Azaka bears a resemblance to Akiha from Tsukihime. In addition, when we see her as a child in the sixth movie, she looks a lot like Rin Tohsaka. She has shades of Satsuki Yumizuka as well.
Lio Shirazumi is probably the inspiration for Arcueid (in appearance only, though: blonde hair, red eyes, claws, skirt/dress) and also a precursor to both SHIKI (being a sort of 'mirror image' of the protagonist Shiki as well) and to an extent, Nero Chaos's ability, what with the whole 'beast' thing he's got going on.
Nero Chaos is also evidently inspired by Araya Souren, going by their rather similar outfits and the weird lines they have on their faces. Hell, they even have the same VA in the movies/Melty Blood.
And in Fate/stay night we have Kotomine Kirei, who shares color scheme, similar outfits and Joji Nakata's voice with both of them.
Fujino Asagami. Purple-haired character who suffers sexual abuse? Sounds like Sakura to me.
Ryougi Shiki has a fair resemblance to Ayako Mitsuzuri while Canaan looks like a younger version of her albeit with an obvious palette swap. And Canaan's Mystical Eyes are not, well, of Death Perception.
It's probably easier to list the characters who aren't Expies of someone or other.
Glowing Eyes of Doom: The mystic eyes in the movies. Shiki's eyes glow once blue in the novels, when she's considering killing Enjou Tomoe because she's restless. She decides against it.
Gray Eyes: Shiki again. Interestingly, in Melty Blood she is one of the few characters whose eyes don't glow red (Demon) or blue (not demon) in the opening "Versus" screen of each battle.
The Grim Reaper: Shiki is likened as one, thanks to her ability to kill anything she cuts coupled with her ability to cut anything.
She's even explicitly called a "Death God" by Touko during Book/Episode 5, "Paradox Spiral."
"Anything" literally means anything. This gets taken to its logical conclusion in Future Gospel, where she cuts the future. A precognitive, Meruka Kuramitsu, had set up a perfect and inescapable trap that would definitely kill Shiki—so she kills that possibility and, by extension, Meruka's foresight.
In the Blood: Many characters in the story belong to families who are listed under the Demon Hunter's Association detailed in Tsukihime. Families in this group tend to partially have monstrous blood, which is partially the reason for their supernatural abilities.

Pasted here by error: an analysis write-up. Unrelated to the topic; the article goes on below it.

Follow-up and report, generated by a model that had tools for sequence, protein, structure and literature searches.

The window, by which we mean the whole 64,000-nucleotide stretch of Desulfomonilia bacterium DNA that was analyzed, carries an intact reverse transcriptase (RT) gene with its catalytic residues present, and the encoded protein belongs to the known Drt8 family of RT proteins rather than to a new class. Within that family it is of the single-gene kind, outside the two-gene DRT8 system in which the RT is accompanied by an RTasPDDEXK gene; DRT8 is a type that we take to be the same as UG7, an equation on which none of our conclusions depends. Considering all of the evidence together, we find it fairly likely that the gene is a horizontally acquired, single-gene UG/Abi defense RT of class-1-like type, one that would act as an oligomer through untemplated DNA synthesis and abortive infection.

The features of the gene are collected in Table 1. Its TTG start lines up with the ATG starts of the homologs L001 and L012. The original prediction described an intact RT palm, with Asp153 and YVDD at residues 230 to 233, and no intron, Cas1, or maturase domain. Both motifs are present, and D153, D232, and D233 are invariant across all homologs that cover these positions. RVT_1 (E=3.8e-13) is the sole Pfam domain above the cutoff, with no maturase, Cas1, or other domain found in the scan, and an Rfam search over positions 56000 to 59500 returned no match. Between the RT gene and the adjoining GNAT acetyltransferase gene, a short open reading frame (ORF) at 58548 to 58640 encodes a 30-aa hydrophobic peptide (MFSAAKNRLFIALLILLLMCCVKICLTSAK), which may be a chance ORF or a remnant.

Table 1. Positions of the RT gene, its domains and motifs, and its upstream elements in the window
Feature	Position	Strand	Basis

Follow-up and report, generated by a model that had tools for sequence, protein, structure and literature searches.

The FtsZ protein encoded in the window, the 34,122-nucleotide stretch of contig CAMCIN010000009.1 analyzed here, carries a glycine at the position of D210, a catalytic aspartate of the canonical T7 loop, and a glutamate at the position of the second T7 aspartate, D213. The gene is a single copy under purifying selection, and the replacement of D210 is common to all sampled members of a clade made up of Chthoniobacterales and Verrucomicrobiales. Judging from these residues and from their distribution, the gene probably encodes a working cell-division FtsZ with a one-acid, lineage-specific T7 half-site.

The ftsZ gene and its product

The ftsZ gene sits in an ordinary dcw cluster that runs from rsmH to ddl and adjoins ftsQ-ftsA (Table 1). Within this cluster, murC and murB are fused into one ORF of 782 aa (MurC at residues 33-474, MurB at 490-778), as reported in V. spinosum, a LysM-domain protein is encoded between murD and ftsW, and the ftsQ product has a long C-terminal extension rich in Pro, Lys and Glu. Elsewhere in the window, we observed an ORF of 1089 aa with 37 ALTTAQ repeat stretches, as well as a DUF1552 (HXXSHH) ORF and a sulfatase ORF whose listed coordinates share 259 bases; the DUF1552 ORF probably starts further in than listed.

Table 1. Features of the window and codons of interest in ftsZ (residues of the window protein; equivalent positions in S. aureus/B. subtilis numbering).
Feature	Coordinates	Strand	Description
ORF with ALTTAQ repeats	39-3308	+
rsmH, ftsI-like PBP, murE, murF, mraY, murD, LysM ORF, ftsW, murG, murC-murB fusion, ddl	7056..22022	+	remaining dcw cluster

Invisible to Normals: Minor supernatural beings (eg. ghosts, fairies) generally can't be seen as they are not powerful enough to manifest.
It Gets Easier: Presumably why the Ryougis insist that a person can only commit one murder—no murder will be as difficult or as totally warping to the mind as the first.
Japanese Pronouns: Shiki notably uses the aggressive-masculine pronoun of "Ore" to refer to herself in spite of being the portrait of a classical dignified Japanese Lady. This is due to her male SHIKI personality dying, and attempting to take on traits of him to compensate for its death.
Knife Nut - Shiki, very much so. Not that she has anything against swords though, as shown in her fight against Souren. Lio Shirazumi, although he isn't limited to just a knife nut per se.
Last Of Their Kind: Both Asagami Fujino and Fujou Kirie are implied to be the last supernatural members of their respective families, and Kurokiri Satsuki is the last person on Earth that can use the Unified Language.
Leitmotif: In the movies, a specific tune (heard with lyrics here is usually associated with Shiki (see also Theme Music Power-Up). The villains in part 5 also get Leitmotifs representative to their personalities (that Alba's sounds vaguely like "Hall of the Mountain King" may be a reference to M).
The Lifestream: Akasha, the Root of everything and nothing, the beginning and the end, the Swirl of Origin, etc. The Nothing After Death would be more appropriate a description,though you're still sort-of conscious in it.
Loss of Identity: A major theme in the series. Shiki wakes up after a two year coma and is only able to feel " " - literally nothing, emptiness. She is unable to connect herself to the "her" from her memories, and no longer has the "split personality" that she had been born with to keep her company. Her finding something to continue living for is a major issue for the rest of the series.
Also done on a lesser scale with Touko, who at one point created an exact duplicate of her body, down to the last detail, which made her realize that her own individuality was completely meaningless, as that body could exist as her on its own. She links it to her consciousness and sets it to wake up the instant her current body dies, so it quite literally is her, complete with memories and everything.